The Power of A Nigerian Woman in America: The Battle of Belonging Part 2

I lived in Nigeria for all of my pre-teen and teenage years.  I was raised in a Christian home, with my immediate and extended family members. My parents instilled in us a strong sense of identity, so at a young age we knew exactly where we were from, our family’s history and our tribal background.  Traditional family values were very important in our home; we all understood our responsibilities as members of the family. Being the Ada (first daughter) and oldest child of my parents, I grew up with plenty of responsibility. I was in charge of caring for my younger siblings, assisting with preparing meals for the family, helping with chores etc. I was always reminded that as the oldest child I represented the family wherever we went. I was to be the ultimate role model for my sisters.

 I left Nigeria for America in 2002 to go to college.  A few nights before I left, I had a nice long conversation with my mom. We covered the basics- what to do in case of any emergencies on the way, what questions to ask on the trip in case I got lost. Then she told me how proud of me she was. She was confident I would know how to handle myself in a new city as I had lived away from home during my high school years, attending a school out of state… “Respect your aunts and uncles there”, she said “Treat them like you would your parents. They will become your parents now. Don’t forget who you are, you come from a good home, don’t give anyone reason to question that”.

I remember the culture shock of returning to the United States after over 10 years of living in Nigeria. I was in a new place with new faces, and with family members that I hadn’t seen in the same length of time that I had lived apart from them. My accent was different, I wasn’t used to the food, or the sidewalks, or the people. Life was going to be a little different from then on.

With every interaction I had, there was an internal battle as to how to present myself. Nigeria wasn’t very familiar to many people and I was nervous that my country and culture would be unimportant or irrelevant because it was unknown. I was afraid of rejection. So I kept that part of me sacred and didn’t share it with many people. For many years I have lived with the tension of trying to follow Jesus as I understood how- as a Nigerian woman. Living in America I have experienced church and ministry under mostly Caucasian leadership, the gospel I grew up learning appeared almost different in this context. I struggled with being comfortable enough to worship or serve completely because I didn’t want my ethnicity to make anyone feel uncomfortable or weird.  Being an African American woman in every sense of the word, I felt like my life had been split into two because one piece always trumped the other. Either I was African or I was American. There wasn’t much room to be both. Did that mean that I would never truly be able to serve Jesus with every part of my being?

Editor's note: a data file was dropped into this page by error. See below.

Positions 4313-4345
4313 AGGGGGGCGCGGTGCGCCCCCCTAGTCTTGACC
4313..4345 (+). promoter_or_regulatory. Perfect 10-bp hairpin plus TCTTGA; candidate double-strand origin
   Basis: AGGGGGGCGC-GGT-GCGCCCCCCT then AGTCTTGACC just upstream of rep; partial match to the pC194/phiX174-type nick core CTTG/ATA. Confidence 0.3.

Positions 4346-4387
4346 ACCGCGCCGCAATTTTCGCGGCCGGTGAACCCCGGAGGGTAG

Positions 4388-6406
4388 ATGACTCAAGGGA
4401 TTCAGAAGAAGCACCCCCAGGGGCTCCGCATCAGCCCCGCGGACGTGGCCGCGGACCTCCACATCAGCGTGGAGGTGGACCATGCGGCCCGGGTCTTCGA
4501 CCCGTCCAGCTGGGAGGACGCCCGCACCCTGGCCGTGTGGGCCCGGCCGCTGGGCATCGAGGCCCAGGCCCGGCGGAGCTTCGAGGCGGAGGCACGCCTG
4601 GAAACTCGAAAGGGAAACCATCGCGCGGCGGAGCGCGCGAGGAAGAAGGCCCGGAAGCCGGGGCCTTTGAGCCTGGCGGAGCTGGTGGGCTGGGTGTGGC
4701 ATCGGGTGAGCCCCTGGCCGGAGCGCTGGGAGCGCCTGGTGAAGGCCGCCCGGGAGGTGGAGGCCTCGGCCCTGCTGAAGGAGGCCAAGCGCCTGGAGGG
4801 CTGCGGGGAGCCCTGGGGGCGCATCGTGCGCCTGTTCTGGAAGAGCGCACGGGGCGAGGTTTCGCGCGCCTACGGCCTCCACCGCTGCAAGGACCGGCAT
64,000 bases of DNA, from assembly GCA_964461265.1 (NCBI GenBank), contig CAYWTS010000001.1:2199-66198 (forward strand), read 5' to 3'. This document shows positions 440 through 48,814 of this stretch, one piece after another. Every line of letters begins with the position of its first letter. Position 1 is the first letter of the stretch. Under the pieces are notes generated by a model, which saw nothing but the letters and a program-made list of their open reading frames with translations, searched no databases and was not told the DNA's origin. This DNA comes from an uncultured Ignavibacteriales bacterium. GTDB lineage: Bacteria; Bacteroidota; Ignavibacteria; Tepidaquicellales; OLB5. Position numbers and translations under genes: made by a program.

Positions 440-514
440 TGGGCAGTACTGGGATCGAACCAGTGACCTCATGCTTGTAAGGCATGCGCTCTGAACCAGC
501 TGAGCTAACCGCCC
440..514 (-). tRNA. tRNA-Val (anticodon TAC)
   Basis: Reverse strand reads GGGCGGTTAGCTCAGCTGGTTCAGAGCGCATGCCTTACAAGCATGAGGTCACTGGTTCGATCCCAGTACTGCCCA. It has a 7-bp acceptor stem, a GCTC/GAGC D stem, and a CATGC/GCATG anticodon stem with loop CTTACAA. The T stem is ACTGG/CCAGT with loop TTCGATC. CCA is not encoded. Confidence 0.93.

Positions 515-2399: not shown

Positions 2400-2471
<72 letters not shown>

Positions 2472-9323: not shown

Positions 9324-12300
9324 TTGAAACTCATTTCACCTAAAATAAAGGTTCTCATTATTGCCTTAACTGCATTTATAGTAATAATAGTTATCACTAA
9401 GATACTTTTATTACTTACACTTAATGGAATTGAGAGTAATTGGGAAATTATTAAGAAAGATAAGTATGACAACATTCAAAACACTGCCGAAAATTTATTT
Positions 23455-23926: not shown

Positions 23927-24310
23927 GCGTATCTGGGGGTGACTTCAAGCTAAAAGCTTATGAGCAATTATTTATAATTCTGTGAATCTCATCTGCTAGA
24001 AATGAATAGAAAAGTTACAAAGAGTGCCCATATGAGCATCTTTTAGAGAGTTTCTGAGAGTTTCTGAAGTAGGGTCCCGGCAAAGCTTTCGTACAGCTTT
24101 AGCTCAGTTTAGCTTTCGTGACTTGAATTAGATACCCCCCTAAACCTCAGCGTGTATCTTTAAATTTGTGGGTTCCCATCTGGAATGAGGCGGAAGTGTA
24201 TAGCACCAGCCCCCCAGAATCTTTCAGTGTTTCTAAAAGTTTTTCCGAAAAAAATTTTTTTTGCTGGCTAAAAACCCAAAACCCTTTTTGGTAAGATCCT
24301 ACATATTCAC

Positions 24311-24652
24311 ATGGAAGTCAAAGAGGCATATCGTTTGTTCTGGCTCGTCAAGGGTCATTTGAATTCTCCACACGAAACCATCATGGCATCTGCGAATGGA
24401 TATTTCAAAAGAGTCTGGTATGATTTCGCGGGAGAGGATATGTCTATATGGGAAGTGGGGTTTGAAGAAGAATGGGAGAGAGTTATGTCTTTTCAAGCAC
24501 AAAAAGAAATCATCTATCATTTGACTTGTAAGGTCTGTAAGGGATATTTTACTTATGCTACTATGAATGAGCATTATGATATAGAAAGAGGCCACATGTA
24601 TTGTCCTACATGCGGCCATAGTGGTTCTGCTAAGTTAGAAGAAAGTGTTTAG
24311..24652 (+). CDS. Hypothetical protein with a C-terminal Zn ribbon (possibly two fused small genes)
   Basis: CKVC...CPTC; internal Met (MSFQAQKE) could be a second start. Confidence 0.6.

”After this I looked, and there before me was a great multitude that no one could count, from every nation, tribe, people and language, standing before the throne and before the Lamb. They were wearing white robes and were holding palm branches in their hands, and crying out with a loud voice, “ Salvation belongs to our God who sits on the throne” (Revelation 7:9-10) All throughout the bible God expresses his Kingdom in the context of cultures and multi-ethnicity. Everyone lives out their faith in the context of their history and heritage. It is our theology. Who is to say that my ethnicity is not a part of God’s great Kingdom?

When I walk into a room I know immediately that I bring my ethnicity and my diversity as gift. My faith as a Nigerian woman is not for me alone. I am called to serve Jesus and share him with every part of my life.  My cultural differences are a necessity to the community and to the kingdom. I stand out as a Nigerian woman in America, and after many years of struggling to find my place of belonging, I realize that I don’t just want to be here, I belong here.  My presence, my voice, and my perspective are valuable; everyone should be. I want my voice to empower many others in their ethnic differences; I want my voice to say that even though you are different from me…you are valuable too…you belong. That is the legacy I want to leave behind.

Ivy Enekwa

AuthorBradford Everett